In honour of World Maternal Mental Health Day on Thursday May 5, 2022, and Maternal Mental Health Month throughout the month of May, I wanted to take a few moments to acknowledge and talk about Maternal Mental Health. In addition to being a Certified Pediatric Sleep Consultant, I have also been a Mental Health and Addiction Clinician for almost 12 years, and I’m currently working on a certificate in Perinatal Mental Health. I believe that Mental Health is always an important topic, and Maternal Mental Health specifically is a very important topic that deserves discussion and awareness!
Why Maternal Mental Health?
Maternal Mental Health issues are more common than many people may realize, and they impact many mothers worldwide. In Canada, 20% of mothers will experience a Perinatal Mood and Anxiety Disorder (these are mental health issues that may arise during pregnancy and in the postpartum period). These number have increased during the COVID-19 Pandemic.
An interesting study conducted in 2018, published through the Journal of Psychiatric Practice showed that Mothers of Twins/Multiples face higher rates of Postpartum mental health issues, such as anxiety and depression, when compared to mothers of single babies.
Other studies have shown that sleep deprivation significantly impacts maternal mental health and functioning.
It’s also important to mention that there are many other moms out there who do not necessarily meet the criteria for Postpartum Anxiety/Depression, but they still may be experiencing higher levels of stress and anxiety than they typically would experience.
These results tell us that many moms are struggling, and it’s really important that moms/caregivers have the right supports in place to take care of their own mental health, while they’re also taking care of little one(s)!
What Can We Do?
Now that we know more about the prevalence of Maternal Mental Health Issues, let’s shift and look at what we can do to help so that we can ensure moms needs are being met!
We can encourage moms to reach out to personal and professional supports if they are struggling
Reaching out for support can be a very important step in someone’s journey to feeling better and feeling more like themselves again. This support can be through a combination of professional and personal supports. Professional supports may be through a family doctor, a professional specializing in Perinatal Mood Disorders (such as a therapist, a social worker, a nurse, psychiatrist, etc). Personal supports may be through family/friends, who are understanding and available to connect. Building a support network can truly make the world of a difference to those who are struggling.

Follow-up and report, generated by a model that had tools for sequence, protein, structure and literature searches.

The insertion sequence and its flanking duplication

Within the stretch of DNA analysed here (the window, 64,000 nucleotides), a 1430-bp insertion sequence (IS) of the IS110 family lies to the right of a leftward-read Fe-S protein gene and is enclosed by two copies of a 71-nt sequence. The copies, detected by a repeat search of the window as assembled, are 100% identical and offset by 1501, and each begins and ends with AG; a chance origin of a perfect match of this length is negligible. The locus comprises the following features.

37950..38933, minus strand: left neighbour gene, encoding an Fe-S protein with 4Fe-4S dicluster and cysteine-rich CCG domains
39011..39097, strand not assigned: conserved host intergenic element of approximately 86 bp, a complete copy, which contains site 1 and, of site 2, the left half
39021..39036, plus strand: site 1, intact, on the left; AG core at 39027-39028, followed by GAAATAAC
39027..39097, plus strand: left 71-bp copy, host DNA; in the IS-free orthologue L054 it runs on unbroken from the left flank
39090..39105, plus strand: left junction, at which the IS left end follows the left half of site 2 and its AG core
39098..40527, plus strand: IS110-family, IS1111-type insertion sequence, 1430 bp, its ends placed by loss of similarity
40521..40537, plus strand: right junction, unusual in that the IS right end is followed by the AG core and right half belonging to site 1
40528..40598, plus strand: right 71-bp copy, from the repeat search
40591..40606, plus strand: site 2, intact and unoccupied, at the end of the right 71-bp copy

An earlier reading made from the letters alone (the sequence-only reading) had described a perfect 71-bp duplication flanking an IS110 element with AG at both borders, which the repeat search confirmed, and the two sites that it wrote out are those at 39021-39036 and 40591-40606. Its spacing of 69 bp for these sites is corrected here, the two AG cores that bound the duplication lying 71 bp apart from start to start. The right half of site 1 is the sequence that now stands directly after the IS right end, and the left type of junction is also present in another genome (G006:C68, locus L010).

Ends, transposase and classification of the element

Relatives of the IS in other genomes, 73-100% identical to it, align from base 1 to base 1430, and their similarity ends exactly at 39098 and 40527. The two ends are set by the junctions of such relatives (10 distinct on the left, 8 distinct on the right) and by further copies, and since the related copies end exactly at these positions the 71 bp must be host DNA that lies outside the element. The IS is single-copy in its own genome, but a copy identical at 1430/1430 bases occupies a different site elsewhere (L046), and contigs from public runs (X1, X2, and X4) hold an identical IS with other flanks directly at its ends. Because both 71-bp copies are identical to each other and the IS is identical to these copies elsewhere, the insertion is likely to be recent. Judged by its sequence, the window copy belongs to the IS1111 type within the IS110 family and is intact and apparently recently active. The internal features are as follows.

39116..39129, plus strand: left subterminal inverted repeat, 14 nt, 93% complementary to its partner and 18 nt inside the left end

We can encourage moms to engage in self care
If you’re a mom, you might be thinking “I don’t have time for self-care!”. I know the feeling! I’m sure you are very tight for time and it can seem so hard to fit in time for yourself! But, it’s so important for your overall health, and mental health that you take some time to focus on taking care of yourself as well. You have probably heard the phrase “you can’t pour from an empty cup” and that couldn’t be more true when it comes to taking care of your family. If you do not have the energy and resources to take care of yourself, it will be impossible to take care of others. I encourage you to try to incorporate some time for your own self-care, even on the days that are busy and hard! Self-care doesn’t have to be an hour-long massage (although that sounds lovely!) it can be as simple as having 15 minutes to yourself to do something that makes you feel good. It’s important for you to find something that works well for you, and makes you feel good – every person will be different with this! For one person, it may be getting out for a walk, for someone else, it might be enjoying a hot cup of coffee, getting outside in nature, reading a book for 10 minutes, or listening to music. Regardless of what it is for you, find some time to incorporate self-care into your day, so that you can prioritize yourself, your needs, and your mental health!